• 3
    The empty string is empty set logic doesn't work with other Python sequences. set([]).issubset(set([1,2,3])) is True. But, [] in [1,2,3] is False. Same goes to tuple. The empty string is empty set logic is wrong. Commented Jun 6, 2016 at 17:47
  • Screenshot of text is rarely useful here on Stack Overflow. The text cannot be searched for, nor copy-pasted. Always include the text itself, at least in the alternate text of the image. The UI elements in this specific screenshot are noisy and confusing (can be mistaken for actual controls when skimming the page).
    – Palec
    Commented Oct 30, 2017 at 7:46
  • 1
    @NizamMohamed in operator for a list only work for individual items, not a sequence of items, e.g. [1, 2] in [1, 2, 3] will also evaluate to False as the item [1, 2] is not present as an item for the list on the RHS. 1 in [1, 2, 3] will evaluate to True as that is how the in operator will function for a list on the RHS. The logic for the in operator on the str on the RHS will match against the whole sequence provided on the LHS, not individual characters in the str, hence any empty sequence will be present in any sequence, as per logic. Commented Feb 21, 2023 at 3:26

The empty string is the unique string of length zero.
The empty string is the identity element of the concatenation operation.
The empty string precedes any other string under lexicographical order, because it is the shortest of all strings.
The empty string is a legitimate string, upon which most string operations should work.

 > strlen("");
=> 0
 > "a" . "" == "a";
=> true
 > "" . "a" == "a";
=> true   
 > "" < "\0";
=> true   

From above, it seems PHP treats the empty string as a valid string.

> strstr("lolsome", "");
strstr(): Empty needle :1

But it doesn't seem to consider the empty string as fully legitimate one. Most probably PHP is the only language which doesn't allow the substring to be searched within a string to be an empty string.

Is it a defensive mechanism? Obviously, programmers don't have to protect the needle with if. If so, why other languages allow this test to pass!!! Language designers have to answer

What's a Python string made up of?

>>> ''.count('')

Obviously The empty string has one empty string.

>>> 'a'.count('')

One element string has two empty srings.

>>> 'ab'.count('')

So it seems Python string is concatenation of one element strings. Each element in a string is sandwiched between two empty strings.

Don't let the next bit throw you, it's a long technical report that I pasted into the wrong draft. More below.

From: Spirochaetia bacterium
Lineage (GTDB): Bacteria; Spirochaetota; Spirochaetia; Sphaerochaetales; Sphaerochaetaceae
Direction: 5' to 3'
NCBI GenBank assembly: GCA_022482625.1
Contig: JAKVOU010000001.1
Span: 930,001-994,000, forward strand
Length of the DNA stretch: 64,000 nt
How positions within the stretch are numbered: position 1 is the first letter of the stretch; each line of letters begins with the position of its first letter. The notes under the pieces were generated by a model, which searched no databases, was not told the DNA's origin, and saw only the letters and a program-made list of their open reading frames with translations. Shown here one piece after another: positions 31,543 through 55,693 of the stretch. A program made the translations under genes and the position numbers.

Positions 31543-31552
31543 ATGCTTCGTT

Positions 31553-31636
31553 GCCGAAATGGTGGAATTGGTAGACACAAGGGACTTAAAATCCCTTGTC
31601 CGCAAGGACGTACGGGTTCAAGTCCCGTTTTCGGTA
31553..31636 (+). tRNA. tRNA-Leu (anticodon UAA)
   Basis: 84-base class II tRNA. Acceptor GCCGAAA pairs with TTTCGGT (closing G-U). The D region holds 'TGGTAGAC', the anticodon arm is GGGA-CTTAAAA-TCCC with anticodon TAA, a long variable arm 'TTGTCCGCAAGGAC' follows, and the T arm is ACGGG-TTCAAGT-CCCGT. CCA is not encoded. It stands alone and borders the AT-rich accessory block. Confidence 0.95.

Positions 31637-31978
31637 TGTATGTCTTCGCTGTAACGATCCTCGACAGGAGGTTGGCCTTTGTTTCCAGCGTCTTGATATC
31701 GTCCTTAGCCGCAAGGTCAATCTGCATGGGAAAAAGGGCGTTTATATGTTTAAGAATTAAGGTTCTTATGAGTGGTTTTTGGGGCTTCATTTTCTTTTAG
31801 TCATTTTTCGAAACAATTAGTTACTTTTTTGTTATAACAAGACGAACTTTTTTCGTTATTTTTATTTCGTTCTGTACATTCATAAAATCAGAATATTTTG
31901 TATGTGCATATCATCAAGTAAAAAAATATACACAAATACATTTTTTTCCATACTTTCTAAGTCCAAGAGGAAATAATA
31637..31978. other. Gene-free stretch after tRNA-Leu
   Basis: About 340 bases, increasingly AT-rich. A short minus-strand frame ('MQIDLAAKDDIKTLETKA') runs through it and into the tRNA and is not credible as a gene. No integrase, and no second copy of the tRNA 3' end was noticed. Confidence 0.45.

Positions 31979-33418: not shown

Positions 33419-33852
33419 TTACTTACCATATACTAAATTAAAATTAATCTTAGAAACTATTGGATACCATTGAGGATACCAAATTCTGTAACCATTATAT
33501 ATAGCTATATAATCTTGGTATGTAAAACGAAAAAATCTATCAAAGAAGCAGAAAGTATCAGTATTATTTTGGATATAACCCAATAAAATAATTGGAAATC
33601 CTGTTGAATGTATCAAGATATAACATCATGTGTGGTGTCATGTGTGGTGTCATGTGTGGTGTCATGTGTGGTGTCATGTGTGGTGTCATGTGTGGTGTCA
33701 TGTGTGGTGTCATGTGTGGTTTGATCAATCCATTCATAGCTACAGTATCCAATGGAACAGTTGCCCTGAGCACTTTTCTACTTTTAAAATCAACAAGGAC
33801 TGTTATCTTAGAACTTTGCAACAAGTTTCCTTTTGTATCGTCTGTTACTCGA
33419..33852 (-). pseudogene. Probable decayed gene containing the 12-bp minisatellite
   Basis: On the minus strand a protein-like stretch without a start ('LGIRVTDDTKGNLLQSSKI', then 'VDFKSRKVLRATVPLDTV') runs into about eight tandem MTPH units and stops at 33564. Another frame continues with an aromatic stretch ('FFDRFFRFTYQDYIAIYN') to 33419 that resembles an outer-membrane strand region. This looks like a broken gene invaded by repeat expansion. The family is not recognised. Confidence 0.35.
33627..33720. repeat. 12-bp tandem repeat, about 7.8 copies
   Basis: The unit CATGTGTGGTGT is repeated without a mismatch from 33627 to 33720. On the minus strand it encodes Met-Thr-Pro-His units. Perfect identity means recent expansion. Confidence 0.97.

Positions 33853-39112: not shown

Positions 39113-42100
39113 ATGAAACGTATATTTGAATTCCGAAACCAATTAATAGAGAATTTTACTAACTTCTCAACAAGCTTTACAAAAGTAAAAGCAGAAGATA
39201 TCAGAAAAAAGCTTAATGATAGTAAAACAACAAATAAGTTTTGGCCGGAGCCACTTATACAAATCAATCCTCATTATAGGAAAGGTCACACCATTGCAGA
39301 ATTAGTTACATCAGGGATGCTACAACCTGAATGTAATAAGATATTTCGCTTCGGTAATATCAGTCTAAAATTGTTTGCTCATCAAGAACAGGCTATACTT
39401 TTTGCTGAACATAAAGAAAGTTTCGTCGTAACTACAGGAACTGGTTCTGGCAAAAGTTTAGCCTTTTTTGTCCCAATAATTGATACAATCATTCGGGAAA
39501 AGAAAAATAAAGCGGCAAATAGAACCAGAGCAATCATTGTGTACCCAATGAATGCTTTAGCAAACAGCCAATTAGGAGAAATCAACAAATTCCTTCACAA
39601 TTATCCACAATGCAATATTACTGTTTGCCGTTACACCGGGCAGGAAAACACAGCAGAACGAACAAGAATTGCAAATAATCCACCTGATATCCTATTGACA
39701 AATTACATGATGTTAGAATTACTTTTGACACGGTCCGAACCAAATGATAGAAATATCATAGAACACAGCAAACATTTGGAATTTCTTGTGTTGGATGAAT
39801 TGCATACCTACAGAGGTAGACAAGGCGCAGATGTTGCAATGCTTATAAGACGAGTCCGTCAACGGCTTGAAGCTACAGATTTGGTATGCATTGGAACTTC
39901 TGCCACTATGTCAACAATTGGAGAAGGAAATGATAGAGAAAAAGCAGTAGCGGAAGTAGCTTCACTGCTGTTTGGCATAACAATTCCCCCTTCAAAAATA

>>> "lolsome".split('')
Traceback (most recent call last):
  File "<stdin>", line 1, in <module>
ValueError: empty separator

But here Python contradicts the validity of the empty string. Is it a bug?
Ruby and JavaScript pass the test here.

 > "lolsome".split("")
=> ["l", "o", "l", "s", "o", "m", "e"]

I've compiled several language examples from Rosetta code, it's interesting to note that they all allow the empty string in substring search and return true.


awk 'BEGIN { print index("lolsome", "") != 0 }'


int main() {
    printf("%d\n", strstr("lolsome", "") != NULL);
    return 0;


#include <iostream>
#include <string>

int main() {
    std::string s = "lolsome";
    std::cout << (s.find("") != -1) << "\n";
    return 0;


using System;
class MainClass {
  public static void Main (string[] args) {
    string s = "lolsome";
    Console.WriteLine(s.IndexOf("", 0, s.Length) != -1);


(println (.indexOf "lolsome" ""))


package main

import (
func main() {
    fmt.Println(strings.Index("lolsome", "") != -1)


println 'lolsome'.indexOf('')

returns 0, on error returns -1


class Main {
  public static void main(String[] args) {
    System.out.println("lolsome".indexOf("") != -1);


"lolsome".indexOf("") != -1


s = "lolsome"
print(s:find "" ~= nil)


print index("lolsome", "") != -1;


"lolsome".find("") != -1


"lolsome".index("") != nil
  • 3
    C strstr also finds the empty needle at the beginning of a haystack. Considering that so many PHP string functions are modelled after their C counterparts (though there is no strpos), this is somewhat surprising. Commented Jun 6, 2016 at 6:21

Suppose you have 2 piles of similar objects, say, best stanzas of your favorite poet, of 5 and 2 respectively. Does bigger set contains smaller set? How to check: 1) for any stanza in the smaller pile you may find it in a bigger one. 2) smaller pile doesn't contain something which is absent in bigger one.

So we may use this pseudocode to check:

for object in smaller:
    if object not in bigger:
       return 'we found object from smaller absent in bigger'
       go to next object
return 'all is ok - all objects from smaller are in bigger'

If you haven't found such an object, you come to the end of algo, and think smaller is a subset of bigger.

Now imagine smaller pile is of 0 stanzas. Applying the same rules above, we perform 0 checks and also do not find object from smaller which is absent in bigger.

So it's correct and handy to deem empty string as a subset of any other string. Even itself. And this is realized in python.

    >>> '' in 'adfsf'
    >>> '' in ''